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The Faraday constant, denoted by the symbol F and sometimes stylized as ℱ, is named after Michael Faraday. In physics and chemistry, this constant represents the magnitude of electric charge per mole of electrons.[1] It has the currently accepted value

This constant has a simple relation to two other physical constants:

where

NA is the Avogadro constant (the ratio of the number of particles, N, which is unitless, to the amount of substance, n, in units of moles), and e is the elementary charge or the magnitude of the charge of an electron. This relation holds because the amount of charge of a mole of electrons is equal to the amount of charge in one electron multiplied by the number of electrons in a mole.

One common use of the Faraday constant is electrolysis. One can divide the amount of charge in coulombs by the Faraday constant in order to find the amount (in moles) of the element that has been oxidized.

The value of F was first determined by weighing the amount of silver deposited in an electrochemical reaction in which a measured current was passed for a measured time, and using Faraday's law of electrolysis.[5] Research is continuing into more accurate ways of determining the interrelated constants F, NA, and e.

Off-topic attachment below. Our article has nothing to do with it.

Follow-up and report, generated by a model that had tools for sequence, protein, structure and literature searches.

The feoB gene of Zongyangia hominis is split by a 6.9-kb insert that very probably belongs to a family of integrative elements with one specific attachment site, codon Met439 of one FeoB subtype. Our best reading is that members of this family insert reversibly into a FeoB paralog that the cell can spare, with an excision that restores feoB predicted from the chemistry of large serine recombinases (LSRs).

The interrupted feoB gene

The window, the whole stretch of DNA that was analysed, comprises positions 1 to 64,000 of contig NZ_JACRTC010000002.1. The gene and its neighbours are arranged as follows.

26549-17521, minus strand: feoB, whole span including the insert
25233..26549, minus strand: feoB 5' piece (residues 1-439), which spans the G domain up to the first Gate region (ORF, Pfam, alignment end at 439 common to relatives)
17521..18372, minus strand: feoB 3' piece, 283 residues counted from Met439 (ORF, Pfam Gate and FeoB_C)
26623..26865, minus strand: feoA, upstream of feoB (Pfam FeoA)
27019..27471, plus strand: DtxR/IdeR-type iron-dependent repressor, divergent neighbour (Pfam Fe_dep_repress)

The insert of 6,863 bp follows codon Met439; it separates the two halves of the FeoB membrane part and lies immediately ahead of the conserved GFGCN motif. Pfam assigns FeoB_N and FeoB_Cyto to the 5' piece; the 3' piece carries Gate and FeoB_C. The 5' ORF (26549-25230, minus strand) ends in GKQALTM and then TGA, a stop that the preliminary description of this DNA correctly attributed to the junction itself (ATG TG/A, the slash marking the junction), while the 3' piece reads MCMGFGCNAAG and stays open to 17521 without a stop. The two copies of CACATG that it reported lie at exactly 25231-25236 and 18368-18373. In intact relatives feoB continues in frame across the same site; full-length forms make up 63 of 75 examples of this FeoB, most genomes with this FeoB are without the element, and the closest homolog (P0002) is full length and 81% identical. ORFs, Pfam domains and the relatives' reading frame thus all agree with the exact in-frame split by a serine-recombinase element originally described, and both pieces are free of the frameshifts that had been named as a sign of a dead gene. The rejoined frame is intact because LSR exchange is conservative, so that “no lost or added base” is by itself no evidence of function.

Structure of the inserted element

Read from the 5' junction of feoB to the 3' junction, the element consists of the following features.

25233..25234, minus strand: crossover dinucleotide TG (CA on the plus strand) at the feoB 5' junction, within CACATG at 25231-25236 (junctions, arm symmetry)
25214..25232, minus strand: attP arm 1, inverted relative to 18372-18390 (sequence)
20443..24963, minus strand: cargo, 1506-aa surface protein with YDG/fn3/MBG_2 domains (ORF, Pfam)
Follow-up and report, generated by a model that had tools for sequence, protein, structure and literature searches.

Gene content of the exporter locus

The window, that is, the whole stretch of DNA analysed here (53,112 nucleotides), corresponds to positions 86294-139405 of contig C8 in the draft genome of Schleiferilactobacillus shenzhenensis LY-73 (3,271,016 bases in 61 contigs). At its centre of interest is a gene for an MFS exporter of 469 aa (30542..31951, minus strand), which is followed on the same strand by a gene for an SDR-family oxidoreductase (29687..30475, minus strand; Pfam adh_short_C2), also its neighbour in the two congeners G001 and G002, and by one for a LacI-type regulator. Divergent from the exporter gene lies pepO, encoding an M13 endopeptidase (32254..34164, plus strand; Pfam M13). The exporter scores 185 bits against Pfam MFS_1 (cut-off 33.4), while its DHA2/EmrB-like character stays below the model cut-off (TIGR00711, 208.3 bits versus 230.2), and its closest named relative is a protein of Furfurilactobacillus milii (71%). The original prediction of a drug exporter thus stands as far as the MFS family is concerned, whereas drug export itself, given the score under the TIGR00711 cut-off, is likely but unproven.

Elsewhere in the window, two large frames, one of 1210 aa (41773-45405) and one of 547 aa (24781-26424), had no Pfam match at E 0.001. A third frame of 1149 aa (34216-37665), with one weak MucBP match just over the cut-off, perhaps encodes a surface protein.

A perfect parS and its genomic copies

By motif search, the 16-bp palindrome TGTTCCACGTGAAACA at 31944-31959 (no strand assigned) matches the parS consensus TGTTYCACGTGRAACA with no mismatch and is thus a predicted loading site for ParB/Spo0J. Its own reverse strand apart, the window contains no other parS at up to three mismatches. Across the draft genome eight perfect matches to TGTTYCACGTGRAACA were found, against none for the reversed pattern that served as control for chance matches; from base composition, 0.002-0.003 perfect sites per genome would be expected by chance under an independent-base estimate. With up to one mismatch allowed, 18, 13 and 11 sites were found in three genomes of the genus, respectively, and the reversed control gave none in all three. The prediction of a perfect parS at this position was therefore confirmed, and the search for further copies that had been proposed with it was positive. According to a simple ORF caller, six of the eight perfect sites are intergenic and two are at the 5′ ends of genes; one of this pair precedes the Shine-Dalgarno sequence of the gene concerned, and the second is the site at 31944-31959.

# 2019 redefinition

Since the 2019 redefinition of SI base units, which introduced exactly defined values for the elementary charge and the Avogadro constant, the Faraday constant is exactly 1.602176634×10−19 C × 6.02214076×1023 mol−1 = 96485.3321233100184 C/mol.

# Other common units

• 96 485 J (96.485 kJ) per volt gram equivalent
• 23.061 kcal per volt gram equivalent
• 26.801 A·h/mol

# Faraday unit of charge

Related to Faraday's constant is the "faraday", a unit of electrical charge. It is much less common than the coulomb, but sometimes used in electrochemistry.[6] One faraday of charge is the magnitude of the charge of one mole of electrons, i.e. 96485.33212... C.[2]

Expressed in faradays, the Faraday constant F equals "1 faraday of charge per mole".

This faraday unit is not to be confused with the farad, an unrelated unit of capacitance (1 farad = 1 coulomb / 1 volt).

# Popular media

The Simpsons episode "Dark Knight Court" (RABF10) has Mr. Burns asking Comic Book Guy how much he wants for his entire comic book inventory. He says "the speed of light expressed as dollars" and Mr. Burns tells Smithers to "just give him Faraday's Constant". The check is written for \$96,485.34.